“A vote for ______ is a vote for ______!” Both sides are saying it, both with hefty helpings of shame or fear. So why cast a protest vote if your candidate can’t win? It all depends on where you stand.
From Paste Magazine:
I live in New York, where Clinton leads by 20 points in the Real Clear Politics average. In other words, a vote for Trump has almost no chance of being a factor. It would essentially be a protest vote even though he’s a major party candidate.
If I lived in Alabama, where Trump has a 24-point lead, a vote for Clinton has the same effect. Would those complaining about third party candidates likewise complain about a Clinton vote in Arkansas? Or Alabama?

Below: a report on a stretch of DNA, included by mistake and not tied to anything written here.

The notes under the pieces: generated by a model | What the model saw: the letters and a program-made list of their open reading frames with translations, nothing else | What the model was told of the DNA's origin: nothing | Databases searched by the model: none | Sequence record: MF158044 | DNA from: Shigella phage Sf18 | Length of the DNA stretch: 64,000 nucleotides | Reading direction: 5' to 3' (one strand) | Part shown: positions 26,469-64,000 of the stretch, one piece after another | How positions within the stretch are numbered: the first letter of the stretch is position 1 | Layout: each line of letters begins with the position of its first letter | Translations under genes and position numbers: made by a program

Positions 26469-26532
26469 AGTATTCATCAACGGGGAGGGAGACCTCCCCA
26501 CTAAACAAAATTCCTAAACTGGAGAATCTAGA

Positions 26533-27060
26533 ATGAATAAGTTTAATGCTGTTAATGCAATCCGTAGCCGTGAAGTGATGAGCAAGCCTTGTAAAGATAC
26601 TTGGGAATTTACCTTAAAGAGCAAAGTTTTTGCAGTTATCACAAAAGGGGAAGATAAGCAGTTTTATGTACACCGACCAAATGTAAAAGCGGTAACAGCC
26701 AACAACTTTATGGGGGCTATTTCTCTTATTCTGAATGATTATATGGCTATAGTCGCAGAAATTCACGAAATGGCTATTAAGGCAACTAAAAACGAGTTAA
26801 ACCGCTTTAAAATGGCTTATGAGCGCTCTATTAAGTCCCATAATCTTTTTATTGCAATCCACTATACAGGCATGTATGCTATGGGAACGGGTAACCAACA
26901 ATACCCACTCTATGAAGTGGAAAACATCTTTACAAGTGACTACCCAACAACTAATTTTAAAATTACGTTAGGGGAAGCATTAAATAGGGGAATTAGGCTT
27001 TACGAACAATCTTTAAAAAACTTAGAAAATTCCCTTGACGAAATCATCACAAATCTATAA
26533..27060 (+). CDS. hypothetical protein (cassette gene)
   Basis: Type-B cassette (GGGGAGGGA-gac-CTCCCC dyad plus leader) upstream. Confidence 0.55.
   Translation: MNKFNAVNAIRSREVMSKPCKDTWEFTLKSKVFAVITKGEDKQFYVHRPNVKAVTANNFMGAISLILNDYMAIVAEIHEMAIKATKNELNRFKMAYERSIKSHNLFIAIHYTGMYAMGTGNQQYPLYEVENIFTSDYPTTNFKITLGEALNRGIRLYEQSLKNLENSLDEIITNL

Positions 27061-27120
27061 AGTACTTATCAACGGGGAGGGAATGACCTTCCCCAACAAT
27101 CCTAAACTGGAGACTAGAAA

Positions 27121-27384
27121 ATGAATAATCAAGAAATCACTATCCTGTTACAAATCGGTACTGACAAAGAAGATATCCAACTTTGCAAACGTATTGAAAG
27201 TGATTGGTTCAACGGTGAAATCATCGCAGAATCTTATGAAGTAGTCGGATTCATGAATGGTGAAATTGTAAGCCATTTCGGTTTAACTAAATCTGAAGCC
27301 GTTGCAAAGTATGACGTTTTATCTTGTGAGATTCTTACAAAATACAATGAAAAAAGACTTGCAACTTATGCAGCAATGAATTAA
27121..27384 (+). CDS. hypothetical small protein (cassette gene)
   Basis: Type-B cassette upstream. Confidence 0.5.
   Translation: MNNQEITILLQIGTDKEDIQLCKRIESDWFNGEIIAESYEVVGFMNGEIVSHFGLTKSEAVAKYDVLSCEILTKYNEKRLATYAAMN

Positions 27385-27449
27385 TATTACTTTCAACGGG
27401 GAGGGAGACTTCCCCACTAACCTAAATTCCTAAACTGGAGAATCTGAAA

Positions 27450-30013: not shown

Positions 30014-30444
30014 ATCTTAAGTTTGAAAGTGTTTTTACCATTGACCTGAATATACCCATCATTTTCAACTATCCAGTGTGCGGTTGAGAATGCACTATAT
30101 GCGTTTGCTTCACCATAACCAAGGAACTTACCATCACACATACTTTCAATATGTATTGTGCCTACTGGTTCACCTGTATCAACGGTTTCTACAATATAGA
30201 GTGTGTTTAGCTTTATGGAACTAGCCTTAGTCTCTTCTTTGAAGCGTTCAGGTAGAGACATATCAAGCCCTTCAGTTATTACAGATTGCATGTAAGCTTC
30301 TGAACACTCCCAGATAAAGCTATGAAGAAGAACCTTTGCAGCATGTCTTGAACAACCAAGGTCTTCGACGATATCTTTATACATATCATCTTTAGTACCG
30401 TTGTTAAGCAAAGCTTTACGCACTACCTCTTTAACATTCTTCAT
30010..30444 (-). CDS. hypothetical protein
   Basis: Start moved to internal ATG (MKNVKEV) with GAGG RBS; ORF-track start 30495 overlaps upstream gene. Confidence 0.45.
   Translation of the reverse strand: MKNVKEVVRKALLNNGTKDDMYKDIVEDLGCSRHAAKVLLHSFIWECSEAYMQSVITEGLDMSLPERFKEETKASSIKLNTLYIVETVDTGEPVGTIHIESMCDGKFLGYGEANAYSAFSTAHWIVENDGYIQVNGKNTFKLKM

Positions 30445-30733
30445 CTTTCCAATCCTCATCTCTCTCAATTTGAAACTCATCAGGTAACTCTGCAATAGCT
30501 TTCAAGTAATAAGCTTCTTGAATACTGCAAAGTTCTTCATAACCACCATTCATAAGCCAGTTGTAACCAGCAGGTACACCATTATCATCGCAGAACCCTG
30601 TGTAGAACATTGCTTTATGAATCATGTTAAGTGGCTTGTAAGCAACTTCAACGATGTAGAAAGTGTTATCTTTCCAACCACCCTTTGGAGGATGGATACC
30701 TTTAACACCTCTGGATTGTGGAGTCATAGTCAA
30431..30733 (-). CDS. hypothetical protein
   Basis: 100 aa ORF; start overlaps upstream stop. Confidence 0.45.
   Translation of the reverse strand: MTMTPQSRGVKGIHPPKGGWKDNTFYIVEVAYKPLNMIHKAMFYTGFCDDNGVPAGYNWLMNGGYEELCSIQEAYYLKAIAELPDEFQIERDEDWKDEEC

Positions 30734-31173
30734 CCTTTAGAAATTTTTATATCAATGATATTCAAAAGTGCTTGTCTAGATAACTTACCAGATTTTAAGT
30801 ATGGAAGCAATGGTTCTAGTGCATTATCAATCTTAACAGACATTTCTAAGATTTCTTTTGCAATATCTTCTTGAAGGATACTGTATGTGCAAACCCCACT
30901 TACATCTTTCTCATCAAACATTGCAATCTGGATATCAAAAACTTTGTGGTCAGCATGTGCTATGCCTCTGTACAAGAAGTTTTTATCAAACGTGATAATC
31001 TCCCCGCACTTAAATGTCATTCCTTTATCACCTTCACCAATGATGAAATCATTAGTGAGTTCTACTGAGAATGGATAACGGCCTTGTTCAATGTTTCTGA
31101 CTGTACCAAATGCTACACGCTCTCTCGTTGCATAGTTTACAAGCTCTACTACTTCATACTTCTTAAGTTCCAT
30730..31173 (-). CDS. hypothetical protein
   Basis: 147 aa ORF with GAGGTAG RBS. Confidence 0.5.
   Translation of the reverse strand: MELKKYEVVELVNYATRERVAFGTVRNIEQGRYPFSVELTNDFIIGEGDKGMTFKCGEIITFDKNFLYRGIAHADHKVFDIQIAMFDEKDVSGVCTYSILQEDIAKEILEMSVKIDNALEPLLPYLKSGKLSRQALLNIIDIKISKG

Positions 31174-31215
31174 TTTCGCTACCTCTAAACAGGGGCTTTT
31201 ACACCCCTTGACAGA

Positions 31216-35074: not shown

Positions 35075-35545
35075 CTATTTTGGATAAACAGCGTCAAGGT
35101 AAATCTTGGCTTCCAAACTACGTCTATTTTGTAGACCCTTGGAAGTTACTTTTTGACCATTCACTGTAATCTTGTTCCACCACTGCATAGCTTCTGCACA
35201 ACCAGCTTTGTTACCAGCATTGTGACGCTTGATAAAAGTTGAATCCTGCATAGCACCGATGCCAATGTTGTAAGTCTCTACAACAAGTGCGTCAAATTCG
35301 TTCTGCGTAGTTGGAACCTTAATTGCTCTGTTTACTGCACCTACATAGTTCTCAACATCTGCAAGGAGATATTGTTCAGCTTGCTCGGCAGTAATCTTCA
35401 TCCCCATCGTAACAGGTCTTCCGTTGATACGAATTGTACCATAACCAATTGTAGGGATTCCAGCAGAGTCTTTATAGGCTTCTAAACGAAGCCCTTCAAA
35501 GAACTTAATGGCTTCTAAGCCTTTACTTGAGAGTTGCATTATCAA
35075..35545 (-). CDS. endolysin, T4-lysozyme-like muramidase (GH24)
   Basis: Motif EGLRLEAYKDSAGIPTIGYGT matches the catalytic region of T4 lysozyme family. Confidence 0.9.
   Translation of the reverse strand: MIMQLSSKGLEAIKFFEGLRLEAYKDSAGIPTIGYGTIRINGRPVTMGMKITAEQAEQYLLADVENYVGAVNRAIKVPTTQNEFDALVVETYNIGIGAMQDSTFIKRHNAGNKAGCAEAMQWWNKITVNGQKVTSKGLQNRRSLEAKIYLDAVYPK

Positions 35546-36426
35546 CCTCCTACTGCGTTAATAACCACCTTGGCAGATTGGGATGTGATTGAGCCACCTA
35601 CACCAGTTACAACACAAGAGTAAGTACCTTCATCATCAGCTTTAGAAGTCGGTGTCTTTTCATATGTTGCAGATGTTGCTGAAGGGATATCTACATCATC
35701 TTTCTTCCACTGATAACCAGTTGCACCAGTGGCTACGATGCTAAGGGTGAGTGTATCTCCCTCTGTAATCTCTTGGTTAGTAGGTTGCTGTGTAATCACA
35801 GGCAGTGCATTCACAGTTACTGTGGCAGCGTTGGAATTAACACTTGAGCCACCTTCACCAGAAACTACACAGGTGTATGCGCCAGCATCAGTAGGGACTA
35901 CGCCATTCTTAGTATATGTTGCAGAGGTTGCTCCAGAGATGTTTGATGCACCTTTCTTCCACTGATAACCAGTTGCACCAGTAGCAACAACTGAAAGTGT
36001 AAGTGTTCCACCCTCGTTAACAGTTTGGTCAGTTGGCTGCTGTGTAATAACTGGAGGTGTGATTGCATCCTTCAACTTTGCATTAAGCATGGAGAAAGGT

I realize some of you can look past the problems that riddle the major campaigns — or at least the ones your party is dealing with.
If you can’t, take a look at your state. If the worst candidate is already winning by a long shot, what do you have to gain by voting for the second worst? All you’ve got to lose is your integrity, as well as any remaining integrity of the party you care about. Even if your candidate’s chances are slim to nothing.
As for me? It turns out the proverbial snowball’s chance is not that bad, at least in Utah. You know how all of your friends say, “Argh, why doesn’t someone else just stand up and run already?” Well, someone did ###. It’s a last minute Hail Mary shot, but the momentum is real. And it has thrown my beloved state into battleground status. So why am I voting third party anyway? Because if a protest vote wins my state, people are finally going to hear it. Besides, a vote for Trump is a vote for Trump, and our nation is not up for grabs.